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I have a two different CUPS installation. One is 2.2.0 runs on macOS (10.12.2) Another one is 1.6.3 runs on Linux minibian 4.1.7-v7+ ( Raspberry )

There is thermal printer connected via network and cups sends a RAW ESC/P commands to the printer. ( It does not make any processing on it )

The problem is Printer stops to responds ACK at some point when printing comes from Linux minibian, while from macOS it runs fine ( so far )

I take a dump from macOS connection to print and from Linux

Appears that macOS send a less amount of TCP frames pushing more data into the every frame ( 512bytes ) while linux is pushing just 128bytes per frame and at some point it waits too long for an ACK, and resend the packets few more times.

Printer window size is 1K

I wondering is there anyway to adjust how many bytes should be pushed into the single TCP frame?

Here is dump from macOS

https://www.cloudshark.org/captures/6c6ca839721a

and here is dump from Linux

https://www.cloudshark.org/captures/065ac8cfb15e

Thanks.

Added

I checked linux with another printer and it works fine cloudshark.org/captures/a700f0d7a143

I take a look and found out that all frames was 512bytes now. So I checked the first frames and noticed that another printer returns window size 1024 on first frame while old printer returns 128 on first frame.

Looks like linux driver does not respect window size from next calls ( Like after frame 5 server still pushing data by 128bytes, while call 5 saying window is 1024 now )

Is it issue with a driver? macOS handles it properly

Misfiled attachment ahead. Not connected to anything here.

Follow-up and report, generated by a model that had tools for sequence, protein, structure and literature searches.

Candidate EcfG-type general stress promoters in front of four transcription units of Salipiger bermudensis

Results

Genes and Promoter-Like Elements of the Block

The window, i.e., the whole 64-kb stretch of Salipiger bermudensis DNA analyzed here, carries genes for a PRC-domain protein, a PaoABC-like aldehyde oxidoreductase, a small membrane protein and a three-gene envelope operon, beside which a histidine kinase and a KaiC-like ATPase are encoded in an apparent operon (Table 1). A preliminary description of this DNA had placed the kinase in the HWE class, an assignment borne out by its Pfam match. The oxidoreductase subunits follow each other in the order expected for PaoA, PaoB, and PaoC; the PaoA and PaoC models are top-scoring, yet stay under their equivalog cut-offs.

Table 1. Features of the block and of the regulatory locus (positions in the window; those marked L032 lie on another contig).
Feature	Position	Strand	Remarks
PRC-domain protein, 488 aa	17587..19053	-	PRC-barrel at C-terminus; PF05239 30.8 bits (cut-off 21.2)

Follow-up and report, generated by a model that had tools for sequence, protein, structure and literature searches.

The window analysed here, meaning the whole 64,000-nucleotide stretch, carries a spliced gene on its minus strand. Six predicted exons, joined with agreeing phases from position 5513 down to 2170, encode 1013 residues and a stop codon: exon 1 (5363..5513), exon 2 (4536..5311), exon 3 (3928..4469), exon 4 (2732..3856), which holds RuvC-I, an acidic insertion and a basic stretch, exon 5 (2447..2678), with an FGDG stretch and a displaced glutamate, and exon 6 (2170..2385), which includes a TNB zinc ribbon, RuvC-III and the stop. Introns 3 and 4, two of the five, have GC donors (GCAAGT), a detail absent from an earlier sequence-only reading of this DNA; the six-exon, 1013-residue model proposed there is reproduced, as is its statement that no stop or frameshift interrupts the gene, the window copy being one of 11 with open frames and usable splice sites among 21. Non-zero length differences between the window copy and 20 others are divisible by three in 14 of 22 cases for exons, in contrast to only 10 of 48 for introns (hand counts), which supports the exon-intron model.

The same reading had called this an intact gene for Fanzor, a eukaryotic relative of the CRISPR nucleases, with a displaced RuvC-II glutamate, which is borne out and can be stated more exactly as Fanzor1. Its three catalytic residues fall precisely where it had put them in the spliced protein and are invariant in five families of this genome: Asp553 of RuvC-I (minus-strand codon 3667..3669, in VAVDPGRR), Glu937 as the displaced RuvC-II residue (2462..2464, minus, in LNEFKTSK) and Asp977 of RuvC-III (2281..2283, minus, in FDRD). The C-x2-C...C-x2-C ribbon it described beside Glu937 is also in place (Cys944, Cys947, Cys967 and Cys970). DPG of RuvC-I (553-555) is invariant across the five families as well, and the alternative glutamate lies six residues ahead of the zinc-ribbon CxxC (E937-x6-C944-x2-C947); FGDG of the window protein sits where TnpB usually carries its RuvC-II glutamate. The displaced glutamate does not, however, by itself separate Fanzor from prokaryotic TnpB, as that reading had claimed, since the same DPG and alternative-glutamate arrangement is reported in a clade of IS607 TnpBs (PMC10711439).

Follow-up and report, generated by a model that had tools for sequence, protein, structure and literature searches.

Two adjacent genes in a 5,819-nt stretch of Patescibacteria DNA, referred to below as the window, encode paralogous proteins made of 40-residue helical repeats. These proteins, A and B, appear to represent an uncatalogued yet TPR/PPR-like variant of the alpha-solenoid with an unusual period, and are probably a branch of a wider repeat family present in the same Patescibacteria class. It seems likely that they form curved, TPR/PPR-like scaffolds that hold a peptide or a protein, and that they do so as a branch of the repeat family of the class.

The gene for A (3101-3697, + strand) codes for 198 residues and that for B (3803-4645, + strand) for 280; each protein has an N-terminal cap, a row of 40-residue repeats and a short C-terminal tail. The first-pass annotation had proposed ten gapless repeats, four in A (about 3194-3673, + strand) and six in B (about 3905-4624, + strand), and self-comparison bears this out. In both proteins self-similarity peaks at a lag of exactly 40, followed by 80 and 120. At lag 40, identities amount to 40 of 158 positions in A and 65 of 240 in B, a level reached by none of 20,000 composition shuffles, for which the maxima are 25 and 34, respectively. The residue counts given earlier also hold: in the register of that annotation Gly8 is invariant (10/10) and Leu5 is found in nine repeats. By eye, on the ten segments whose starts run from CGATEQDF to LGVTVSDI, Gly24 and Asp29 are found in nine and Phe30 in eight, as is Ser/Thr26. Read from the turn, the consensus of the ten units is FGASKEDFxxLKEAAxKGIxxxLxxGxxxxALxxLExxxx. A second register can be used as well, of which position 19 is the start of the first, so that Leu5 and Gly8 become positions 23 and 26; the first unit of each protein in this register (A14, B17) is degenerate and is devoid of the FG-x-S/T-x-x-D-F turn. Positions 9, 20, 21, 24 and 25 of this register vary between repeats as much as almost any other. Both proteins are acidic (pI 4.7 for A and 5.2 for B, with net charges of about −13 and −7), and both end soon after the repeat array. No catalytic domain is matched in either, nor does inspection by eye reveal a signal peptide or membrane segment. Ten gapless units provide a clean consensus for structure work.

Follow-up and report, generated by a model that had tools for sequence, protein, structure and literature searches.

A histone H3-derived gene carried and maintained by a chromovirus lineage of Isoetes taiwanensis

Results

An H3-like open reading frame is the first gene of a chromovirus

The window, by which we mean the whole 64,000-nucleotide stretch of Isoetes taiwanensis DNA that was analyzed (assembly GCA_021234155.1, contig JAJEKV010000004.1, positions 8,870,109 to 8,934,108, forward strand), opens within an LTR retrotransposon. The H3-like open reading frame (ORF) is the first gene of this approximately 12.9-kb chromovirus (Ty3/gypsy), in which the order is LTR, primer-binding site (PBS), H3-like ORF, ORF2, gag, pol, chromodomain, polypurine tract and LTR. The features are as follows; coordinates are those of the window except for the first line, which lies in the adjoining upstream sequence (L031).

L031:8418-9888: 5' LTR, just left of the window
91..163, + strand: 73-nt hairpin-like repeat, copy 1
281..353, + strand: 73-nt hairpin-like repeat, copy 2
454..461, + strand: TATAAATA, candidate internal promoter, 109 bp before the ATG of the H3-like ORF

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  • This sounds like it could be a problem with Nagle's Algorithm which should only be used on high-throughput networks. On low throughput networks, you can see the behavior you are describing. Do you have this problem when directly connected to the printer? Mar 1 '17 at 6:38
  • I'm not able to directly connect printer. Add some notes more. link to dump with another printer cloudshark.org/captures/a700f0d7a143
    – ekiyanov
    Mar 1 '17 at 8:16
  • Unfortunately, questions about host configurations are off-topic here. You could try to ask this question on Server Fault for a business network, or on Super User for a personal network.
    – Ron Maupin
    Mar 1 '17 at 13:10
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Sure, you can affect MSS (maximum segment size) in a device.

In Linux it can be done either globally by sysctl https://itsthe.network/post/TCP%20MSS%20Linux%20Kernel%20Setting/)

or per rule (e.g. with iptables), details:

https://www.frozentux.net/iptables-tutorial/chunkyhtml/x4721.html

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  • mss is 1460 but packets 128bytes.
    – ekiyanov
    Mar 1 '17 at 7:52

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